I have never actually lived in
In the two-and-some years we have lived here there has been many a time we have shaken our heads at our fortune. The schools are better, the neighborhood is idyllic, and the temple is fifteen minutes from my door. Fifteen minutes. We walk to church, my son is on the fast track to Eagle Scout, and my girls are involved in Stake plays, school programs, and have two separate Achievement Day activity groups. Our Young Women sang in a General Conference session last year and this year the General YW President actually came to our Girl’s Camp. I thought surely we had moved to
But it hasn't been like that. Take my neighbor "Jane."
I have never hit the right cord with Jane it seems. I don’t spend all my time educating my children from the best books or creating stimulating activities for their minds. I have been known to drop by unannounced with a something sugary and/or chocolately and expect adult conversation. We play loud music in our garage, our lawn is known to have an excessive buildup of toys (and other miscellaneous things) and I have been known to throw in the very occasional “hell” here and there in conversation. Very occasional. Really.
But I have tried with Jane. I have really tried. I’ve offered to watch her kids, taken over a cumulative kitchen of food in various forms and made a general effort to be friendly. Yet still I cannot get a spontaneous “hello,” or “how are you?” or even, “Man, those scones you brought over on Sunday that were still piping hot to thank my husband for going to scout camp were incredible.”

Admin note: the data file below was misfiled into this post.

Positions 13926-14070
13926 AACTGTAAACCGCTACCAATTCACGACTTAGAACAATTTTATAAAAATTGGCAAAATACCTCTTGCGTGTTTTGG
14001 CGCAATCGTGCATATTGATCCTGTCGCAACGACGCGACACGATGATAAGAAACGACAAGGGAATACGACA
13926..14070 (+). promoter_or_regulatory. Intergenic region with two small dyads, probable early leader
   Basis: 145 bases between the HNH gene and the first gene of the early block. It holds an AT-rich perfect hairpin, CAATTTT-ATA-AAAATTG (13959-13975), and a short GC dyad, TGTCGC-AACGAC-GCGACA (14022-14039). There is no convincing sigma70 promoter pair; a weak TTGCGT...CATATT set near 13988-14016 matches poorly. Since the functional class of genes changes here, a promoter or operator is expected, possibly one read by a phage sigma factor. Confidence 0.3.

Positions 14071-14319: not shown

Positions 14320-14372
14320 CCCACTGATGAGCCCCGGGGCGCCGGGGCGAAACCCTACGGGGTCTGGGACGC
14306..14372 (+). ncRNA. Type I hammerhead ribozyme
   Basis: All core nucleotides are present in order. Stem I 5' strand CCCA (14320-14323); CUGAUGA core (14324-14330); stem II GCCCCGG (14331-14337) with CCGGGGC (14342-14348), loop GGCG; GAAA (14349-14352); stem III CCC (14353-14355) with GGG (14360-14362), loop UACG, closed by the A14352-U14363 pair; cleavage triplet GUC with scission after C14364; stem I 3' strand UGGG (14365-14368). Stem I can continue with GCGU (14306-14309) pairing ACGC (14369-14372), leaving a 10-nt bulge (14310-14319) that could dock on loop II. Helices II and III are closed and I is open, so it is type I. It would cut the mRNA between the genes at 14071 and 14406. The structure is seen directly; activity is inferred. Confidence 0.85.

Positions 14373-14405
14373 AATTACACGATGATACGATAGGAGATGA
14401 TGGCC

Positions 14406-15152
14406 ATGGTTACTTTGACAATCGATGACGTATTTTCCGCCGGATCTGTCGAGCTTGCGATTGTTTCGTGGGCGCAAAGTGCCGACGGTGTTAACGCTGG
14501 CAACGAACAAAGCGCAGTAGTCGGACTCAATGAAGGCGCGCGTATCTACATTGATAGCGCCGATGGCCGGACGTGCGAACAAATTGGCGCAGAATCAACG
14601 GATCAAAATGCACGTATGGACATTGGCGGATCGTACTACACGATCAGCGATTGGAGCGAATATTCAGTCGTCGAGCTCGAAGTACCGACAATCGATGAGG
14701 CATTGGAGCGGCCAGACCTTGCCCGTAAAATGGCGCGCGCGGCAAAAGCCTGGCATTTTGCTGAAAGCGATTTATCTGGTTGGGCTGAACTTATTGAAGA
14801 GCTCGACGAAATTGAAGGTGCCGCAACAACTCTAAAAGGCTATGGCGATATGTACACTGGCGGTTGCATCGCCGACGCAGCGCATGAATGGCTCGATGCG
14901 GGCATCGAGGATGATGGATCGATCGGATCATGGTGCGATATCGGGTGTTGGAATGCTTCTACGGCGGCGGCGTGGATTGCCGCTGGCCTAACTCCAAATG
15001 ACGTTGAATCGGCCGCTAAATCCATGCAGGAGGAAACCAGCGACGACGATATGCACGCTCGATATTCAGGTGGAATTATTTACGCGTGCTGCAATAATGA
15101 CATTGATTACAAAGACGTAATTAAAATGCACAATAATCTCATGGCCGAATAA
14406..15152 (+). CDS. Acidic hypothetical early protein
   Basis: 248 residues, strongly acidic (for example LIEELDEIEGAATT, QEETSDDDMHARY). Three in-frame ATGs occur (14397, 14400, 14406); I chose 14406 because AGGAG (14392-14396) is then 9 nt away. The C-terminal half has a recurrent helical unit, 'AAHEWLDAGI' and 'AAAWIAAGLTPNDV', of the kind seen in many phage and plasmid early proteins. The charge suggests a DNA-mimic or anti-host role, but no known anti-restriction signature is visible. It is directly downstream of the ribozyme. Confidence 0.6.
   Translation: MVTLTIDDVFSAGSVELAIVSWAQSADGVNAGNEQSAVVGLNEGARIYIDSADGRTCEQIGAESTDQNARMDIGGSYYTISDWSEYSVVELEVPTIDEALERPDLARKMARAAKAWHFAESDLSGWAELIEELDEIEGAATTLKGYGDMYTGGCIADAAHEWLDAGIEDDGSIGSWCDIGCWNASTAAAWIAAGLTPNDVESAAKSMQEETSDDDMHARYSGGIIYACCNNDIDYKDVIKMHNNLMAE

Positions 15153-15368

I saw her in the library again the other day and she didn't even acknowledge me. And yes, she did see me.
There is a reason I have failed to fit in here—which is simply because it may not be possible.
Have you ever felt like standing out on your lawn and yelling, "Hello??? I'm here!! Doesn't anyone just want to go to Target with me and talk about that new movie with (insert hot guy movie star)?"
I'm guessing not. But I have.
I’ve decided it isn’t really important to me what a person's personal choices are, I can still be friendly to them, especially when they live feet away from me. I personally don't believe there is only one way to practice your religion. However, I do think that a genuine sisterhood applies across the board, whatever your religion is, just by virtue of being neighborly. Some of the people I have known with the most integrity have been those who claim to be atheist. So what gives?
I've lived here 2 1/2 years. I'm giving it 4. After that I've concluded that most of my friends are likely to be colleagues at my future job.